Note that for anyone currently using Exchange Hosted Encryption (EHE), it will be replaced by Office 365 Message Encryption. "Like EHE, Office 365 Message Encryption works with Office 365 mailboxes as well as with on-premises mailboxes that use Exchange Online Protection," Sahay said. All EHE users will soon be moved to the Office 365 Message Encryption service.

Moving email to the cloud has lowered IT costs and improved efficiency. Find out what federal agencies can learn from early adopters. Also in the The Great Email Migration issue of InformationWeek Government: Lessons from a successful government data site. (Free registration required.)

Comment  | 
Print  | 
More Insights
Comments
Newest First  |  Oldest First  |  Threaded View
Stratustician
50%
50%
Stratustician,
User Rank: Apprentice
12/2/2013 | 7:28:42 PM
I'm still not convinced...
While I love the idea of email providers (or solutions as in this case) building in encryption, I don't see the masses appreciating this as much as enterprises would like to think. 

One of the biggest reasons employees use corporate email addresses to send non-business emails is to send files.  With the advent of cloud storage, this has probably dropped the number of folks using corporate email in a way that would lend itself to data loss risk.  In reality, most security tools should be able to flag emails with sensitive information, so at this point, what would encryption really achieve?

Yes, sending corporate emails in general has the risk of potentially being intercepted by unwanted parties, but until we can prove without a doubt, that this form of encryption is indeed untampered, there is really no immediate benefit in terms of security in the way that Microsoft would probably like to believe.
AustinIT
50%
50%
AustinIT,
User Rank: Apprentice
11/29/2013 | 12:20:52 PM
Too bad Office365 Small Biz Premium is not included
Too bad that the Small Business Premium version of Office365 is not included in the email encryption feature addition. Many small businesses and individuals on those plans could really benefit from this new feature...
samicksha
50%
50%
samicksha,
User Rank: Apprentice
11/27/2013 | 4:54:40 AM
Re: on tap for who? NSA?
I want to thank author for bringing this blog, i have been reading about this topic earlier also, the need and demand of keeping your private data secure is an important issue, moreover one question i often read is, Will it have a backdoor for the NSA? Not sure though.
MikeSullivan73
50%
50%
MikeSullivan73,
User Rank: Apprentice
11/26/2013 | 4:17:50 PM
on tap for who? NSA?
Great article, however this is intergrated into 365 and its there to compete with other providers.

 

In reality if its not independant its not really safe from prying eyes...

 

I would recommend somthing independent like,

gpg

datamotion 

galaxkey

 

all independant and work across platfoms :)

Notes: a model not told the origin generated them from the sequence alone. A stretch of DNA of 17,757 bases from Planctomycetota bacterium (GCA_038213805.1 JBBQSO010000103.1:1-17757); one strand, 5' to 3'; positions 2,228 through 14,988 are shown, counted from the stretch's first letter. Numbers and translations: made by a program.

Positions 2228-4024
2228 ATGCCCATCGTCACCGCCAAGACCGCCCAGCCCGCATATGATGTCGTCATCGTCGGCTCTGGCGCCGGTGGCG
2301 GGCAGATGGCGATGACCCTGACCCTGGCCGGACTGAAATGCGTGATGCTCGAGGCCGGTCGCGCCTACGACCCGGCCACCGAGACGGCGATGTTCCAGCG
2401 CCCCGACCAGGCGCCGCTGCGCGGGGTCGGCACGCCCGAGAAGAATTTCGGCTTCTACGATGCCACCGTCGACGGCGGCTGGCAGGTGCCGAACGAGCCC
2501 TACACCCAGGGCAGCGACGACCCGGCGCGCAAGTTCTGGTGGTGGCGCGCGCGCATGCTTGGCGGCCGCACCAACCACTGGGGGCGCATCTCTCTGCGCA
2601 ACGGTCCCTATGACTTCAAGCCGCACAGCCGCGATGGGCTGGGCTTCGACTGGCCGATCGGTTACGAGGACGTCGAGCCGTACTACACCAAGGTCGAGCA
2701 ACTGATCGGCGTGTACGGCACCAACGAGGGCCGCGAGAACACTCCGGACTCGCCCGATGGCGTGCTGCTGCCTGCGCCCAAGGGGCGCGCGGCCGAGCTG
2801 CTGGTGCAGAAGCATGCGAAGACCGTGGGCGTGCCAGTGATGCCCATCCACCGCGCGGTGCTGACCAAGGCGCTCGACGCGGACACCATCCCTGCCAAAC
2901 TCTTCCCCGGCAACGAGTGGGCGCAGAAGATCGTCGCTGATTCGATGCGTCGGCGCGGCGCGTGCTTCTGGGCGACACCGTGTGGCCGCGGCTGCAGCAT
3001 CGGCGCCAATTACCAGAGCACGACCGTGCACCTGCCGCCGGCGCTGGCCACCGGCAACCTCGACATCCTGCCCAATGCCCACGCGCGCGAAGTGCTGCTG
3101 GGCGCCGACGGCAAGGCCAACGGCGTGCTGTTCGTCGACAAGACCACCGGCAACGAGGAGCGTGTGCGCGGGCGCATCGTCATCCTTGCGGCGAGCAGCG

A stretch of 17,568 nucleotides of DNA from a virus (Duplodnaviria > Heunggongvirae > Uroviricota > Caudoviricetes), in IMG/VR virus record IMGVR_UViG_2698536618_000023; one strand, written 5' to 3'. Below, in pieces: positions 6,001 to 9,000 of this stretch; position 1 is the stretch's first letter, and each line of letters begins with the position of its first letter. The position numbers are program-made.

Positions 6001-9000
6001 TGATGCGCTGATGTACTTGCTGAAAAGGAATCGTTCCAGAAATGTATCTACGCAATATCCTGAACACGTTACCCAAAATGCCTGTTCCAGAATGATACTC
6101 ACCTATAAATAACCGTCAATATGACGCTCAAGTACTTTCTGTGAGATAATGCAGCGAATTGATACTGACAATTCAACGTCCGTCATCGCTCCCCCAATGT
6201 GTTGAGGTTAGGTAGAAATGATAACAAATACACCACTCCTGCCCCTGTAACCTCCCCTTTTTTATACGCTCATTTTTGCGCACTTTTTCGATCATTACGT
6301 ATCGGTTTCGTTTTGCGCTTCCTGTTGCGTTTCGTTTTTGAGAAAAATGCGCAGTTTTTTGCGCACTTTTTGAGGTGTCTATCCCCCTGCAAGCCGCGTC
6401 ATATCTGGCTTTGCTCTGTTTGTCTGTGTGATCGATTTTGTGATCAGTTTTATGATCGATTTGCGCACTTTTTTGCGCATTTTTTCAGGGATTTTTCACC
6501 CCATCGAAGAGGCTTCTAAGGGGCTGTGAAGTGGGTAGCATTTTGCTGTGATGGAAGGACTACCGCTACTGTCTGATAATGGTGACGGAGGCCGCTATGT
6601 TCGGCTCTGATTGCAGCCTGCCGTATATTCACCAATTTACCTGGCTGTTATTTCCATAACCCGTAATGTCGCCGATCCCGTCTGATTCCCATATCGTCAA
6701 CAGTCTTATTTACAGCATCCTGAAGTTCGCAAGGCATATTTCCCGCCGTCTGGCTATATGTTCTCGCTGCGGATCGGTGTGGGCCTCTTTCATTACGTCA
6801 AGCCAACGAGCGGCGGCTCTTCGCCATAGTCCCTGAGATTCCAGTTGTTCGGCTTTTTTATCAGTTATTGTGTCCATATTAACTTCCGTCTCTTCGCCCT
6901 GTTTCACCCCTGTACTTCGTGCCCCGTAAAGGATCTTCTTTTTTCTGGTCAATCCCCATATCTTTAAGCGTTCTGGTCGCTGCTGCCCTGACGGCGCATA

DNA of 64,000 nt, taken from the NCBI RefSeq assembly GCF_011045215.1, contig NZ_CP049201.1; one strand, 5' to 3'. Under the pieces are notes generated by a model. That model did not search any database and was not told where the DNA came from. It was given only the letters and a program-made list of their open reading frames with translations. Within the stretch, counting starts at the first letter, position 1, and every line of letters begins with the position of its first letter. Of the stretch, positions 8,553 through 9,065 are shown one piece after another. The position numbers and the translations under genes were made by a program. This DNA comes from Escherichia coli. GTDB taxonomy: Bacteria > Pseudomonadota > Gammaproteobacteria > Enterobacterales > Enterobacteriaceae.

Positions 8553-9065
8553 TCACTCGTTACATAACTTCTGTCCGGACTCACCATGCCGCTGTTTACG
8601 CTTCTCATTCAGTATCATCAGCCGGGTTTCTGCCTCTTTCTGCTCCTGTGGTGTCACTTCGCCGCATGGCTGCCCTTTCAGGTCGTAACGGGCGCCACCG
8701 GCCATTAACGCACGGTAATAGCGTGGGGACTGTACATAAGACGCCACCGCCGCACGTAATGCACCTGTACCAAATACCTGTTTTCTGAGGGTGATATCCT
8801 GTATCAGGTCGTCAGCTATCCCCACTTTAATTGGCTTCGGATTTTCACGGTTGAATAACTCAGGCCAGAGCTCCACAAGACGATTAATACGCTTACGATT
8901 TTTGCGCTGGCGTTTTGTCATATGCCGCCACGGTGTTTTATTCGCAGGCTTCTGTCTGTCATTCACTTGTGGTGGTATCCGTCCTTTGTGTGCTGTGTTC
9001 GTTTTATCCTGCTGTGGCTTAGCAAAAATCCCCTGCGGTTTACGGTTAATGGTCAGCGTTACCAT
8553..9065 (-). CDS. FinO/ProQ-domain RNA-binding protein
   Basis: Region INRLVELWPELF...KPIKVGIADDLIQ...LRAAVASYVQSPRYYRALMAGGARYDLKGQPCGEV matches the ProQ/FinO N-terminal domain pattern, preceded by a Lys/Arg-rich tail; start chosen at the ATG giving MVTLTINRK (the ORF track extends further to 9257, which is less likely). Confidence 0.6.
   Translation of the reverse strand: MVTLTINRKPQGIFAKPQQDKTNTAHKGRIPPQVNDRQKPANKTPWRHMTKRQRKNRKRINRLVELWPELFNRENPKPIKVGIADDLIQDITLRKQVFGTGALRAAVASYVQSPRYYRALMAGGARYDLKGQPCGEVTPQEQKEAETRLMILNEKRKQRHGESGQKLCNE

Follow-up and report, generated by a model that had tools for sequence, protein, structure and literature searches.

Mike
Register for Dark Reading Newsletters
White Papers
Flash Poll
Current Issue
Cartoon
DevOps’ Impact on Application Security
DevOps’ Impact on Application Security
Managing the interdependency between software and infrastructure is a thorny challenge. Often, it’s a “developers are from Mars, systems engineers are from Venus” situation.
Video
Slideshows
Twitter Feed
Dark Reading - Bug Report
Bug Report
Enterprise Vulnerabilities
From DHS/US-CERT's National Vulnerability Database
CVE-2014-2363
Published: 2014-07-26
Morpho Itemiser 3 8.17 has hardcoded administrative credentials, which makes it easier for remote attackers to obtain access via a login request.

CVE-2014-3071
Published: 2014-07-26
Cross-site scripting (XSS) vulnerability in the Data Quality Console in IBM InfoSphere Information Server 11.3 allows remote attackers to inject arbitrary web script or HTML via a crafted URL for adding a project connection.

CVE-2014-3301
Published: 2014-07-26
The ProfileAction controller in Cisco WebEx Meetings Server (CWMS) 1.5(.1.131) and earlier allows remote attackers to obtain sensitive information by reading stack traces in returned messages, aka Bug ID CSCuj81700.

CVE-2014-3305
Published: 2014-07-26
Cross-site request forgery (CSRF) vulnerability in the web framework in Cisco WebEx Meetings Server 1.5(.1.131) and earlier allows remote attackers to hijack the authentication of unspecified victims via unknown vectors, aka Bug ID CSCuj81735.

CVE-2014-3324
Published: 2014-07-26
Multiple cross-site scripting (XSS) vulnerabilities in the login page in the administrative web interface in Cisco TelePresence Server Software 4.0(2.8) allow remote attackers to inject arbitrary web script or HTML via a crafted parameter, aka Bug ID CSCup90060.

Best of the Web
Dark Reading Radio
Archived Dark Reading Radio
Sara Peters hosts a conversation on Botnets and those who fight them.